Assisting the worthy mission of The St. Johnsbury History & Heritage Center
To The Editor:
St. Johnsbury author and historian Peggy Pearl (St. Johnsbury Academy Class of 1965), the director of The St. Johnsbury History & Heritage Center ("St.J. HHC") (http://stjhistory.org/ - a non-profit organization with 501(c)(3) tax status), in recent years has undertaken the Herculean task of attempting to obtain suitable quarters for the many historical St. Johnsbury artifacts, newspaper articles, and photographs housed for decades at The Fairbanks Museum. Given a change in institutional focus at the museum and the need for available space therein, those precious St. J. historical collections need to be saved for the cultural, educational, and historical benefit of the future generations of town and area Northeast Kingdom residents (not to mention for the edification of the many tourist visitors to beautiful home town over the course of each year).
Last year, the Board of Directors of St. J. HHC failed in the attempt to locate the center at the former St. Johnsbury Armory due to the prohibitive costs of various environmental issues in order for the Armory to be a useable facility. In fall 2013, the opportunity to purchase the existing house (and former Primmer & Piper law office) at 421 Summer Street in St. Johnsbury - only three doors south down from the temporary center St. J. HHC in the basement of the former Summer Street School - surfaced as a potential property purchase for the establishment of the permanent St.J. HHC. Soon thereafter, Peggy Pearl announced the establishment of a 250 Club, wherein two hundred and fifty individuals, families, business concerns, or other consortiums are being sought out for donations of $1,000 (fully tax exempted) to go towards the purchase of the 421 Summer Street home. This location will provide the space needed for archival research, storage, and easy access to the nearby Fairbanks Museum and St. Johnsbury Athenaeum.
The purchase window, however, will close in late March 2014. My letter is addressed to both St. Johnsbury residents (my hometown and where I lived from 1960 to 1978) and those of us who have relocated to other parts of the country or abroad. Our hometown will be greatly enhanced by the securing of a permanent home for St. J. HHC. Donors should recognize this enterprise is under the capable direction of Peggy Pearl and the board of directors, all of whom, like Peggy, have long and deep ties to our town. While the need for the large donations of $1,000 to the home purchase fund remains the most immediate need for the center, donations of any amount are always welcome. A review of the St.J. HHC website will give potential donors a wonderful taste of the diverse and rich history of St. Johnsbury. The St. J. HHC mission statement reads in part, the center serves to be: "The gateway to preserve, educate, and celebrate our town's historic legacy as a nonprofit organization [that] acquires and preserves historic collections and conducts purposeful education programs that interpret the rich heritage of St. Johnsbury, Vermont."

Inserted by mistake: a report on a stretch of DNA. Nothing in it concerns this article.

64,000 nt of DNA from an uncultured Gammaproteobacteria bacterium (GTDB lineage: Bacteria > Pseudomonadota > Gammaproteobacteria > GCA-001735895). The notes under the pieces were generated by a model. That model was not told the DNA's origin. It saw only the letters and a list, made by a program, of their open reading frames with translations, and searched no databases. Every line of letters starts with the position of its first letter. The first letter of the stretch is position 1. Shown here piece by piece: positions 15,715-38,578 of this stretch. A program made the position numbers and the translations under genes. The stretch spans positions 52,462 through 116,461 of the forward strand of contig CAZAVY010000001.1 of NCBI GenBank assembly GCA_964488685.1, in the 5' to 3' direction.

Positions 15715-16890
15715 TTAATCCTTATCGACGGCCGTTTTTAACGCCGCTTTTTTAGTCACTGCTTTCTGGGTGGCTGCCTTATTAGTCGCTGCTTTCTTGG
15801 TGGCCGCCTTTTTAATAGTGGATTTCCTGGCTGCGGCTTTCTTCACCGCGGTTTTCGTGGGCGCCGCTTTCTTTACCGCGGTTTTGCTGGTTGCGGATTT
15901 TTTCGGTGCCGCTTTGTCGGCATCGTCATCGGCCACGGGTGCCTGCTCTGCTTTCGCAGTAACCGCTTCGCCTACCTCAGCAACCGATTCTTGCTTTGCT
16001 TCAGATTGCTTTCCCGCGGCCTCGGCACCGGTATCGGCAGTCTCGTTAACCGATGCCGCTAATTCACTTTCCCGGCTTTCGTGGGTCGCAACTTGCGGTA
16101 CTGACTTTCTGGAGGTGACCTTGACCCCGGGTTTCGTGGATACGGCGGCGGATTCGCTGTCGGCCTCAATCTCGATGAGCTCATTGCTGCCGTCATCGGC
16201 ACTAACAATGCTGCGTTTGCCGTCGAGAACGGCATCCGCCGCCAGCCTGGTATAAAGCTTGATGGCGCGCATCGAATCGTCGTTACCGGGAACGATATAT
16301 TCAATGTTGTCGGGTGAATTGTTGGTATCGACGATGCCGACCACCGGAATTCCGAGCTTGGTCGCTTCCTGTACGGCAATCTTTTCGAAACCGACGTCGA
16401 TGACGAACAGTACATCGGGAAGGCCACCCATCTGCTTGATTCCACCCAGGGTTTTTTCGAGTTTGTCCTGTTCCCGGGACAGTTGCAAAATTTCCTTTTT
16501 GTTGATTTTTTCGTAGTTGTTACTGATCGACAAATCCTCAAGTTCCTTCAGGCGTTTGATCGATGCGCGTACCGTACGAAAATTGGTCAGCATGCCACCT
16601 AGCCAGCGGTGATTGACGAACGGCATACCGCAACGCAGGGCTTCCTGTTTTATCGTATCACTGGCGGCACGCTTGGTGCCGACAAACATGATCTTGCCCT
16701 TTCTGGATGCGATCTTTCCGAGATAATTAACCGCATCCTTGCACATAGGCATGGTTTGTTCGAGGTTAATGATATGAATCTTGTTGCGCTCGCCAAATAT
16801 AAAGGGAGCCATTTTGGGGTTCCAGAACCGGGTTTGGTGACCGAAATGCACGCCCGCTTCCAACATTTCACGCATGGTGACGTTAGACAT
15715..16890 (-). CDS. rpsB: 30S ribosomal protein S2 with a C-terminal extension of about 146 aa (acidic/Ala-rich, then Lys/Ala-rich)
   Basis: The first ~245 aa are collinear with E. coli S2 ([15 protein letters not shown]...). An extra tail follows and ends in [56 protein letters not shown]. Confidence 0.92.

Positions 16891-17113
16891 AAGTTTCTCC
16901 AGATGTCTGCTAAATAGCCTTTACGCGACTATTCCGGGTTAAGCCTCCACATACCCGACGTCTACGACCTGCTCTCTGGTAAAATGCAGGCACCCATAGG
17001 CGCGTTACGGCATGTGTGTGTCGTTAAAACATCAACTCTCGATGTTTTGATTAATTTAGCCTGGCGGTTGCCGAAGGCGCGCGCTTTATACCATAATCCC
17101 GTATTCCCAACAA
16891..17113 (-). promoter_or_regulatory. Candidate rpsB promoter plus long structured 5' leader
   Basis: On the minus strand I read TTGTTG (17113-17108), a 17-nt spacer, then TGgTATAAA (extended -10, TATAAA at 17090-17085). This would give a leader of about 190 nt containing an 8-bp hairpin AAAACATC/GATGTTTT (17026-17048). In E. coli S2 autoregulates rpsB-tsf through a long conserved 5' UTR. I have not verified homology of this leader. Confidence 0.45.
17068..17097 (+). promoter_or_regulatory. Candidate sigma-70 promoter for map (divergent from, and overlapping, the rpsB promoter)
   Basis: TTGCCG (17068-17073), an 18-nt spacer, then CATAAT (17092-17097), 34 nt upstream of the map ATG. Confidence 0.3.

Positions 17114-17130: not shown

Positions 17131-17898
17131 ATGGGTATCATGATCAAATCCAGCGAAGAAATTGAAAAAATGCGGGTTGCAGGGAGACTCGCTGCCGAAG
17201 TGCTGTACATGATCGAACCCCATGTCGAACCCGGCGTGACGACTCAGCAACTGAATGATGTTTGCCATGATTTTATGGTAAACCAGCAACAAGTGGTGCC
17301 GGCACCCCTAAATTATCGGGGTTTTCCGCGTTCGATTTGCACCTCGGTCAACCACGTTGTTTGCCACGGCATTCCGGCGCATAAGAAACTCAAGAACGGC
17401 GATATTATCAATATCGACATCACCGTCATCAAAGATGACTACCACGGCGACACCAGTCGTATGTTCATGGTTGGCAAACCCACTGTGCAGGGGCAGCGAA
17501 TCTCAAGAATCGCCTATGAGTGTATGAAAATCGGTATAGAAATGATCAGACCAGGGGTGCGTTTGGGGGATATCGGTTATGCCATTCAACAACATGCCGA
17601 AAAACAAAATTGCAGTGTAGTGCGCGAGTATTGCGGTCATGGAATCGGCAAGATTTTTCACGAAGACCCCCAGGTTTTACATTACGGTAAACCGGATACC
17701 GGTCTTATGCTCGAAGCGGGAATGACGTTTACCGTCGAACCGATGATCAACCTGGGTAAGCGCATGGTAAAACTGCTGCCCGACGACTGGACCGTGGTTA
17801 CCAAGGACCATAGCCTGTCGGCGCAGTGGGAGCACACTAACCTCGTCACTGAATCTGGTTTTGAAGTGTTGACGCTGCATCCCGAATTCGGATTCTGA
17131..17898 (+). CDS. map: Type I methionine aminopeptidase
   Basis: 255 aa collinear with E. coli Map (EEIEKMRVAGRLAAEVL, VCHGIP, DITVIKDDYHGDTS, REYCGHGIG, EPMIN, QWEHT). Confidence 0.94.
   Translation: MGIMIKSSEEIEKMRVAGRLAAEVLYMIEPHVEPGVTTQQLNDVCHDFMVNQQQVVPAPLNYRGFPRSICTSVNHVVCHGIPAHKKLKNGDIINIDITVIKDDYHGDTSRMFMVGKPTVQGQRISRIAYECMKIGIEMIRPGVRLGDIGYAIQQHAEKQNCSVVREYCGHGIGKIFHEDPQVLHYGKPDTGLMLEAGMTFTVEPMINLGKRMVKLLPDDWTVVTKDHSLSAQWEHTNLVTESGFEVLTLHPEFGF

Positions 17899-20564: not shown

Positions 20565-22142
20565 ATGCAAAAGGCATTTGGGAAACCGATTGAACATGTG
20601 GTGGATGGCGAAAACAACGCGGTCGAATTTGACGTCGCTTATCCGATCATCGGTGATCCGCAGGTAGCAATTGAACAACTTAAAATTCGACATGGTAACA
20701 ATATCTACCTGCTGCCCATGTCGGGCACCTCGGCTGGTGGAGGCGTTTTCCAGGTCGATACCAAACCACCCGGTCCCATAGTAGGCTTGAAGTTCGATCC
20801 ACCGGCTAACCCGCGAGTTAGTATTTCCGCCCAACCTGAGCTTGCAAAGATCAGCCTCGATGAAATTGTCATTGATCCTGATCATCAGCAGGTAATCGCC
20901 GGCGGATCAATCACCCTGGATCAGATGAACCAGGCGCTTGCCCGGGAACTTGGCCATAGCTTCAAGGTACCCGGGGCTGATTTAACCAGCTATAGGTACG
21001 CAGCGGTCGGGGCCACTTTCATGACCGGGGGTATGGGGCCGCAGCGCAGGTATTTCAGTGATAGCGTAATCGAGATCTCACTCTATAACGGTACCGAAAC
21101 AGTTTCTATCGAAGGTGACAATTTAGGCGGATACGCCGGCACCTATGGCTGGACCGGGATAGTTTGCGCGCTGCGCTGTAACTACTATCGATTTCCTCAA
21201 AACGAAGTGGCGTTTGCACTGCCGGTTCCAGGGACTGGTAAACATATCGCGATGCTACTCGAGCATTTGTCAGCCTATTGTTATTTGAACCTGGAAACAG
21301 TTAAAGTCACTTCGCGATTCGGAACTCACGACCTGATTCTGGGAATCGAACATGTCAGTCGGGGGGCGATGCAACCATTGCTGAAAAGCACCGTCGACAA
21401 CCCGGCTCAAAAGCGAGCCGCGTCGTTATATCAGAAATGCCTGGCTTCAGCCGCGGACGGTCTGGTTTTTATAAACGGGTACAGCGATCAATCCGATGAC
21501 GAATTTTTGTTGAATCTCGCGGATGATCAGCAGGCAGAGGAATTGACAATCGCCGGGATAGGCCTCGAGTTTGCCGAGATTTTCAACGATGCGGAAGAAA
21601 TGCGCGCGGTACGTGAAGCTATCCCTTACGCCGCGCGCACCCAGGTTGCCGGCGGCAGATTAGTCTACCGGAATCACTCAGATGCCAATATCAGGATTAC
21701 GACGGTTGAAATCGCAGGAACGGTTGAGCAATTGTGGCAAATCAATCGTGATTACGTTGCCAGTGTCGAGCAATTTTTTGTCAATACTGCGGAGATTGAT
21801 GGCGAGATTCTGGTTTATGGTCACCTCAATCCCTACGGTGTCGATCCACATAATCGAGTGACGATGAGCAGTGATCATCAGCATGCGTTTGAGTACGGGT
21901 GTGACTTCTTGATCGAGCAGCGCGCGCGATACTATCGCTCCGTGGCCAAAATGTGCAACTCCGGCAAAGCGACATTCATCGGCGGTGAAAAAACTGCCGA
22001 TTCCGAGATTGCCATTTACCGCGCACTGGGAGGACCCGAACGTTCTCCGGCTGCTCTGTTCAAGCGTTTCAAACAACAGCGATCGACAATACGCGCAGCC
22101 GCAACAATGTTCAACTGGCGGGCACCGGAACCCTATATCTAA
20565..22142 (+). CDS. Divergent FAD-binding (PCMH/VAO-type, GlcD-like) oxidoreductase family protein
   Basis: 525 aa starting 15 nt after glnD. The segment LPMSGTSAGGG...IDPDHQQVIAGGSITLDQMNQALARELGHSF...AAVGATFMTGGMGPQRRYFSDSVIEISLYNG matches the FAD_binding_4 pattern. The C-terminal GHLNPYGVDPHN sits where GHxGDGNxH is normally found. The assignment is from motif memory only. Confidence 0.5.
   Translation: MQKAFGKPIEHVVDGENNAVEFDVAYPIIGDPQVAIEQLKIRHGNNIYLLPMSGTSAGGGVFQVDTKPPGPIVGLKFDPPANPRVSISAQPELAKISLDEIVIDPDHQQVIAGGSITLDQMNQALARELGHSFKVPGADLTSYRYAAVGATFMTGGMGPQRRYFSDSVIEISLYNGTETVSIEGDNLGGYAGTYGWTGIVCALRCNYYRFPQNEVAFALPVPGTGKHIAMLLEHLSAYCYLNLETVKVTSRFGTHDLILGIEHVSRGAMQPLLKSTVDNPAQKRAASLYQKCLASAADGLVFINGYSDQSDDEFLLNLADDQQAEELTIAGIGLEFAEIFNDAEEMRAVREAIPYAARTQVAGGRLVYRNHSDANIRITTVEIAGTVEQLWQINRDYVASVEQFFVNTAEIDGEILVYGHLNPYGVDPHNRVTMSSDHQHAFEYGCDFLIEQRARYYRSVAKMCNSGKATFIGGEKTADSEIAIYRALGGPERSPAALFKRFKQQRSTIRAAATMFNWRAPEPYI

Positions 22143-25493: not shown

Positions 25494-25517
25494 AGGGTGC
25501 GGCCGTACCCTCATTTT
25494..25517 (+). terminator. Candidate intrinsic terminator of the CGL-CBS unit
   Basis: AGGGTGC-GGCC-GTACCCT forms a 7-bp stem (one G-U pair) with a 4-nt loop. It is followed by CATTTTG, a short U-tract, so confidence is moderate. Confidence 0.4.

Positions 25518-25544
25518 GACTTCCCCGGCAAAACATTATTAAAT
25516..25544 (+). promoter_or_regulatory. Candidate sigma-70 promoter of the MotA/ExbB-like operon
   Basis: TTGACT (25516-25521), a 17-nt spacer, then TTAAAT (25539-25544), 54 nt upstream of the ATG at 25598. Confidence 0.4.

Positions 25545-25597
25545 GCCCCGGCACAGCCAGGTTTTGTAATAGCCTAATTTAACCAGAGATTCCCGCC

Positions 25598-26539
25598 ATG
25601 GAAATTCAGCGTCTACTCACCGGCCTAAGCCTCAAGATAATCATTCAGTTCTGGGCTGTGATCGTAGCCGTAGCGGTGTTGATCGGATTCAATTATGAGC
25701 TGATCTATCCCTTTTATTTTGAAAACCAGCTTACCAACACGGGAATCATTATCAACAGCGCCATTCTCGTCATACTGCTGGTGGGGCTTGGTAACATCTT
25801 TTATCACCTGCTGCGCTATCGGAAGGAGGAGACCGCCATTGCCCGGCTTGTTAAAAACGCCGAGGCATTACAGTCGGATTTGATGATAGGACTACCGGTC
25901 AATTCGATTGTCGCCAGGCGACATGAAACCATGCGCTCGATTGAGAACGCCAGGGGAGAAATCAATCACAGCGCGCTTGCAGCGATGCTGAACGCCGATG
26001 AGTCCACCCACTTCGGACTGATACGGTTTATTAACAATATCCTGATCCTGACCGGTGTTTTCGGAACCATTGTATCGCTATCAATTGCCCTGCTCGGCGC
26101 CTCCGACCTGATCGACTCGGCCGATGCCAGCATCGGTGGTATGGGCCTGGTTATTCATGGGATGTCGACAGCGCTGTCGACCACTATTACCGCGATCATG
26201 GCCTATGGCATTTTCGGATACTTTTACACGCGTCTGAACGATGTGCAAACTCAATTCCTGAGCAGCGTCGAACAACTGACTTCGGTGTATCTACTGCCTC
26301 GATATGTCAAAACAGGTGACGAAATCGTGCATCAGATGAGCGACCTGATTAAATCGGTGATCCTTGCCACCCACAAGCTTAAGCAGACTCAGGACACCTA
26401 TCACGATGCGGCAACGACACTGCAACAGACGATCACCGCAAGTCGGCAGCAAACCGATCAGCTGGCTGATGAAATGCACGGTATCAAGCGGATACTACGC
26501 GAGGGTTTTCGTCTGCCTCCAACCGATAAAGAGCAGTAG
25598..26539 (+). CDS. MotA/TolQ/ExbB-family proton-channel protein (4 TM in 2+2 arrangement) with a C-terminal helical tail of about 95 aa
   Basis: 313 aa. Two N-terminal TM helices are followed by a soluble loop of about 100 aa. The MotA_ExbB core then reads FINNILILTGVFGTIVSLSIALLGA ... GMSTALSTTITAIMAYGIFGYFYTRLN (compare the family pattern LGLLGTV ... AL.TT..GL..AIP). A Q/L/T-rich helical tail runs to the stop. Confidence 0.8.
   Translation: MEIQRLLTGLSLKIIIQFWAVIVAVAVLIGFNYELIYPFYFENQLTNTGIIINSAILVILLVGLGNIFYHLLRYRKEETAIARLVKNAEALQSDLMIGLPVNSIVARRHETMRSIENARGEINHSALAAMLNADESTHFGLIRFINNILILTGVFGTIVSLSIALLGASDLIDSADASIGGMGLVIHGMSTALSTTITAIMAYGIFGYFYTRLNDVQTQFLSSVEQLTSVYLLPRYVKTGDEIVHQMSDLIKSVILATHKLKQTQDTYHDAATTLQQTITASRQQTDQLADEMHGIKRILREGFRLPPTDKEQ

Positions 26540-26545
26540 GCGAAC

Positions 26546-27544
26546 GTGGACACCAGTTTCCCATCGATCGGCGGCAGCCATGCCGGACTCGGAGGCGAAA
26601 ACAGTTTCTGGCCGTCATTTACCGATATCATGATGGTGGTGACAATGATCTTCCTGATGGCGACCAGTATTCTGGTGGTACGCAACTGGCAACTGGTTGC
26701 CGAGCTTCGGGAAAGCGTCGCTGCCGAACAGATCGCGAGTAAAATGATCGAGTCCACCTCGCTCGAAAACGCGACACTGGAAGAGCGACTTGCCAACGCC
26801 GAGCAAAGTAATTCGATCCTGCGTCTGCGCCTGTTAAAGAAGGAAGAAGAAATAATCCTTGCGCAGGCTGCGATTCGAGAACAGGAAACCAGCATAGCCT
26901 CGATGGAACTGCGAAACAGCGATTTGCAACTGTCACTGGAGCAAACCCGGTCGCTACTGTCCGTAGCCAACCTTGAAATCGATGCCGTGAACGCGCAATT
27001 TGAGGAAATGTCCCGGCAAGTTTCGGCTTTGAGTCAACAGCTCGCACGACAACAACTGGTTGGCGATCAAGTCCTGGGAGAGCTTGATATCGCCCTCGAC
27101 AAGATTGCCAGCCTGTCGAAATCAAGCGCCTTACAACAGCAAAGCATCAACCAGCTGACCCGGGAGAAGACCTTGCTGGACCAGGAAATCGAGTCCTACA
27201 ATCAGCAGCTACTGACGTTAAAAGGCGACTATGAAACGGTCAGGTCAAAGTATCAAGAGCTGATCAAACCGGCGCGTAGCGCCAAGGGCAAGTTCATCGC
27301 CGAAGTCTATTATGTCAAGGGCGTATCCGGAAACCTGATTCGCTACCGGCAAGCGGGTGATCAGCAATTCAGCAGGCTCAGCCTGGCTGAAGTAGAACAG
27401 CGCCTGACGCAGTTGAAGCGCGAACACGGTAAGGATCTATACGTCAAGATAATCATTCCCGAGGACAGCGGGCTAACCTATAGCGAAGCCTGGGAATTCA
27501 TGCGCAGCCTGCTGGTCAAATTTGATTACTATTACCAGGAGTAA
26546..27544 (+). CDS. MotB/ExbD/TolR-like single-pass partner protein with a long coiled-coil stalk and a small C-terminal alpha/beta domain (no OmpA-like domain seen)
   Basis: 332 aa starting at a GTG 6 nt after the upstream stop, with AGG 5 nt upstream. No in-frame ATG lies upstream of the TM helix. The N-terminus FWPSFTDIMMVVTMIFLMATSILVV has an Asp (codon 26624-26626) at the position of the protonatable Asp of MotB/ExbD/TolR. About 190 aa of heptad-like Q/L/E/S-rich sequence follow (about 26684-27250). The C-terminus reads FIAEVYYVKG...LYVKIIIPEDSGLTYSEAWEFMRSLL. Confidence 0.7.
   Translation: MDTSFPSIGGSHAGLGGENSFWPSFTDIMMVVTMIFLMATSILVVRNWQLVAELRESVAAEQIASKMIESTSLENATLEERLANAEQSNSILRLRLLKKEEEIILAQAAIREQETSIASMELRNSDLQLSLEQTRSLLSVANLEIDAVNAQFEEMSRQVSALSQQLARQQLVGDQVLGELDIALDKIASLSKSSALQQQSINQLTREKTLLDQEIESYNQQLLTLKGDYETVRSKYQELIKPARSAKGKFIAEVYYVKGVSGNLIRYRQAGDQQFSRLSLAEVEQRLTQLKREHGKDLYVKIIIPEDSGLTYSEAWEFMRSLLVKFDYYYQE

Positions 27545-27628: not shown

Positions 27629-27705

Kudos are in order for Peggy Pearl for undertaking this most worthy mission of town historical preservation. I hope that many former residents of St. Johnsbury from outside of Vermont will be able to financially assist in some way for this great endeavor to come to fruition (information on electronic and mail contributions are located on the website). The historical legacy of St. Johnsbury deserves no less than our best efforts of time, talent, and treasure for today and for posterity.
Christopher E. Ryan